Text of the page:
Thu | Nov 30, 2023

Prepare for ZIKV

Published:Sunday | January 3, 2016 | 12:00 AMDr Michael Abrahams

I do not believe in New Year’s resolutions. I figure that if there is a bad habit that you need to dispense of, or a good one that ought to be embraced, there is no better time than the present. But now I am urging all Jamaicans, for 2016, to resolve to do all that we can to fight the Zika virus (ZIKV) and increase public awareness about it. Armed with our knowledge of ZIKV, and being amply warned, we must play our part in preparing our country for what appears to be the inevitable.

The virus is named after the Zika forest in Uganda, where it was first isolated from a rhesus monkey. It was not noted in humans until 1968 in Nigeria. The first outbreak outside of Africa and Asia was in 2007, and now it is in the Caribbean and Latin America, with the most recent country reporting a case being Puerto Rico. It is transmitted by mosquitoes belonging to the genus Aedes, including Aedes aegypti, which is found in Jamaica and also transmits dengue and chikungunya (CHIKV). The virus belongs to the same family as the dengue virus, but having had dengue, or CHIKV, does not protect one from being infected with the Zika virus, and there are no vaccines for it either. As a matter of fact, co-infection with these viruses can occur.

Rumours have been circulating about ZIKV already being in Jamaica. A colleague of mine claimed to not only have treated cases of the viral infection, but to have contracted it herself. However, no tests were performed to confirm it. I was also informed by a senior colleague that another physician obtained a positive ZIKV test result for a patient of his. I eventually contacted the doctor who obtained the positive result. It was not a hoax. The patient was hospitalised, and the requested test did in fact come back positive. The Ministry of Health (MOH) was informed about the case, and the specimen was sent to the Caribbean Public Health Agency (CARPHA), which is the confirmatory laboratory for Jamaica and the rest of the Caribbean, for further testing.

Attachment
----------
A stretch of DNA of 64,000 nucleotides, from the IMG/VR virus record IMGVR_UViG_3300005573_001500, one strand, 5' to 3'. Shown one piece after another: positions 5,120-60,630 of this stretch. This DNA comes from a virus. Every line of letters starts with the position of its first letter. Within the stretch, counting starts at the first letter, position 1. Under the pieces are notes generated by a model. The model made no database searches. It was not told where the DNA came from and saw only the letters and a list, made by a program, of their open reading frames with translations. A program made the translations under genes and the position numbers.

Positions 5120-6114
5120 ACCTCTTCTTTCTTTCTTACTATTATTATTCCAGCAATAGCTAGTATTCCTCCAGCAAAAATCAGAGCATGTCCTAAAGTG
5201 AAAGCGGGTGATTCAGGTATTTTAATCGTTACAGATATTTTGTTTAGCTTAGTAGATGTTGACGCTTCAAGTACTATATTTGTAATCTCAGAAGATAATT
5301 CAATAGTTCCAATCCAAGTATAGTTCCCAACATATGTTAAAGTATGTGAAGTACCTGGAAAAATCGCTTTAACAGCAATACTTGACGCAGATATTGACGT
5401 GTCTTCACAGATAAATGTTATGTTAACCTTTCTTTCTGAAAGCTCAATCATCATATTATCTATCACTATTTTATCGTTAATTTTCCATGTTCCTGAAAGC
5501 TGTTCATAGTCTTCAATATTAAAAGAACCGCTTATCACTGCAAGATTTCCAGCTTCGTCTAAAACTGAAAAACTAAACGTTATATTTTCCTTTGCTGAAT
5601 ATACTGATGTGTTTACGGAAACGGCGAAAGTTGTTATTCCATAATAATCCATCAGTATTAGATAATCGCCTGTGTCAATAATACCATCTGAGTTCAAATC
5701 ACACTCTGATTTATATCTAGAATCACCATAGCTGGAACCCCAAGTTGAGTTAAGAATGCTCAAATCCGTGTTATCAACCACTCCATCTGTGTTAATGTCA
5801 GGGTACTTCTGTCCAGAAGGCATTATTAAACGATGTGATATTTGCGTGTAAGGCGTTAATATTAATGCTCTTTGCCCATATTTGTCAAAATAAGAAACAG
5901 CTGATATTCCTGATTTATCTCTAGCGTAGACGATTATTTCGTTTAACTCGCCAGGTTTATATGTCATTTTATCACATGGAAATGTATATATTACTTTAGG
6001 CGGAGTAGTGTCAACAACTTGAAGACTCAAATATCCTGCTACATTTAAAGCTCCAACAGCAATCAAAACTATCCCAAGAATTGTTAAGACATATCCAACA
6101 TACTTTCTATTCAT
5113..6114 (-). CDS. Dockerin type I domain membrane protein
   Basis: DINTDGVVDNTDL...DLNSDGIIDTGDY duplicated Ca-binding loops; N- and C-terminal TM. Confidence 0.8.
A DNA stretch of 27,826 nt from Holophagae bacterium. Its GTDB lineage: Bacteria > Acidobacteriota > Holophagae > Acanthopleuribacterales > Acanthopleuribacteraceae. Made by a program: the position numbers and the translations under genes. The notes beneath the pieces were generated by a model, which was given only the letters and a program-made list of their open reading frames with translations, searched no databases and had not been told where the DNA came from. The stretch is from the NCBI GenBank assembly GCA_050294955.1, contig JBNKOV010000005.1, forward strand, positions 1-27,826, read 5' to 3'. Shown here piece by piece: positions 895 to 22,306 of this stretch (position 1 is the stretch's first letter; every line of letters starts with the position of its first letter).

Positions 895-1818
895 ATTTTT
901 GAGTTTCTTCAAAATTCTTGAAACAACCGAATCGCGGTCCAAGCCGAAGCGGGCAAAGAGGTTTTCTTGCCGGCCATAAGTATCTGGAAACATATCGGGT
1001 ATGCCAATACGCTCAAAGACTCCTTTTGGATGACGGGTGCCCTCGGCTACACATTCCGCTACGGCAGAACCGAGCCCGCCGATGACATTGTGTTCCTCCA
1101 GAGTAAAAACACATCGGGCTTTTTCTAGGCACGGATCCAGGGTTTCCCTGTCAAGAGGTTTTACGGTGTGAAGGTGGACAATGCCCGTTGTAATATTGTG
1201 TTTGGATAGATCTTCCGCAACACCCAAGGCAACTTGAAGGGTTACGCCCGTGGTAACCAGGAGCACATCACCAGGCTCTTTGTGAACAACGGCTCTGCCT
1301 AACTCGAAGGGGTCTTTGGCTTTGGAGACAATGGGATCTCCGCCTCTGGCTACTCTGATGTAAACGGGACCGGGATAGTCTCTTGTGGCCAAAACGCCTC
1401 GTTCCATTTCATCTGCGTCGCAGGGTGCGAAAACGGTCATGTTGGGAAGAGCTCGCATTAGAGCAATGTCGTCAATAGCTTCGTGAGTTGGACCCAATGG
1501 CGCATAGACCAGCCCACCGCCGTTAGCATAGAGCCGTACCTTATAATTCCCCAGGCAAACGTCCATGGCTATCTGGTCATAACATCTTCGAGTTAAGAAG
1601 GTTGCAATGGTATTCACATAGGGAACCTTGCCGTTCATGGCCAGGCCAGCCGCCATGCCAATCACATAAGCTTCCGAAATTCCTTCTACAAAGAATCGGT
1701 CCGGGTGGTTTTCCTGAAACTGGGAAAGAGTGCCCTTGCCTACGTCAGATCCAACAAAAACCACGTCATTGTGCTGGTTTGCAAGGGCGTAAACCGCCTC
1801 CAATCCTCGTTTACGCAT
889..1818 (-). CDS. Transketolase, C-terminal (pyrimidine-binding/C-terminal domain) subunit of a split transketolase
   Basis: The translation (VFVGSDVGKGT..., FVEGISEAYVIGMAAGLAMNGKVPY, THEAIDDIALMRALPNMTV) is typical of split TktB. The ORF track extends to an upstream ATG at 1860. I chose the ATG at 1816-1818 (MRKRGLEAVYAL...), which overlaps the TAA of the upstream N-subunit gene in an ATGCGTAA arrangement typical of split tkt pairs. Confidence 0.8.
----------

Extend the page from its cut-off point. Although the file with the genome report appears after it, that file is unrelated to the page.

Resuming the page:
However, I was informed that the confirmatory test was negative.

We have been informed that the illness produces symptoms such as a rash, fever and pain, and is mild, lasting for only a few days. Sounds familiar doesn’t it? We were told the same thing about chikungunya, but people died after being infected, and more than one year later, some of us are still experiencing pain, and have not been the same after being afflicted. Brazil reported its first case of ZIKV in May 2015, and by November 30, 2015, 1,248 cases of microcephaly, including seven deaths, were reported, a 20-fold increase compared with preceding years.

Microcephaly is a neurodevelopmental disorder in which the head is abnormally small. The condition is associated with diminished brain function and reduced life expectancy, and the skyrocketing rate in Brazil has been attributed to ZIKV. The situation is so serious there that authorities have advised women to avoid getting pregnant, at least for now. In addition to this, three deaths directly related to ZIKV, two adults and a newborn, have been reported in the South American country.

So we have to ensure that ZIKV does not catch us off guard the way CHIKV did. It appears that it is not a matter of if, but of when the virus will reach our shores. The Aedes aegypti mosquito breeds in any container where water is allowed to settle, and we must exercise vigilance regarding the identification, and monitoring or elimination, of existing and potential mosquito breeding sites such as drums, tyres, flower pots and their overflow saucers, vases and pets’ water containers. We should bore holes in tins and other containers that we discard, dispose of our garbage properly in closed bags and refrain from littering. It is also a good idea to stock up on mosquito repellents, zappers and nets, and to use screens for windows and doors if possible.

Our MOH has apparently learnt from the mistakes made regarding the deadly CHIKV epidemic that literally crippled us. There have been public service announcements in the media, and the Minister of Health himself has been very vocal about us being prepared, and announced the planned training and hiring of 1,000 young people as vector-control workers to go into communities and identify and destroy mosquito-breeding sites. The Ministry also has a fact sheet on its website answering frequently asked questions. See ZIKV Fact Sheet here

We must play our part in preparing our country for what appears to be the inevitable. Many of us utilize social media to air grouses, complain and criticize, often with good reason. In this case, I invite my fellow Jamaicans to join me and use it to protect ourselves. Please tweet, post, share, text, message and email the link for the MOH document and other information concerning ZIKV to as many people as you can. Let us start our own social media campaign, and inspect our environments daily for mosquito breeding sites. We must work together to avoid a repetition of the CHIKV catastrophe.

- Dr Michael Abrahams is a gynaecologist and obstetrician, comedian and poet. Email feedback to and, or tweet @mikeyabrahams.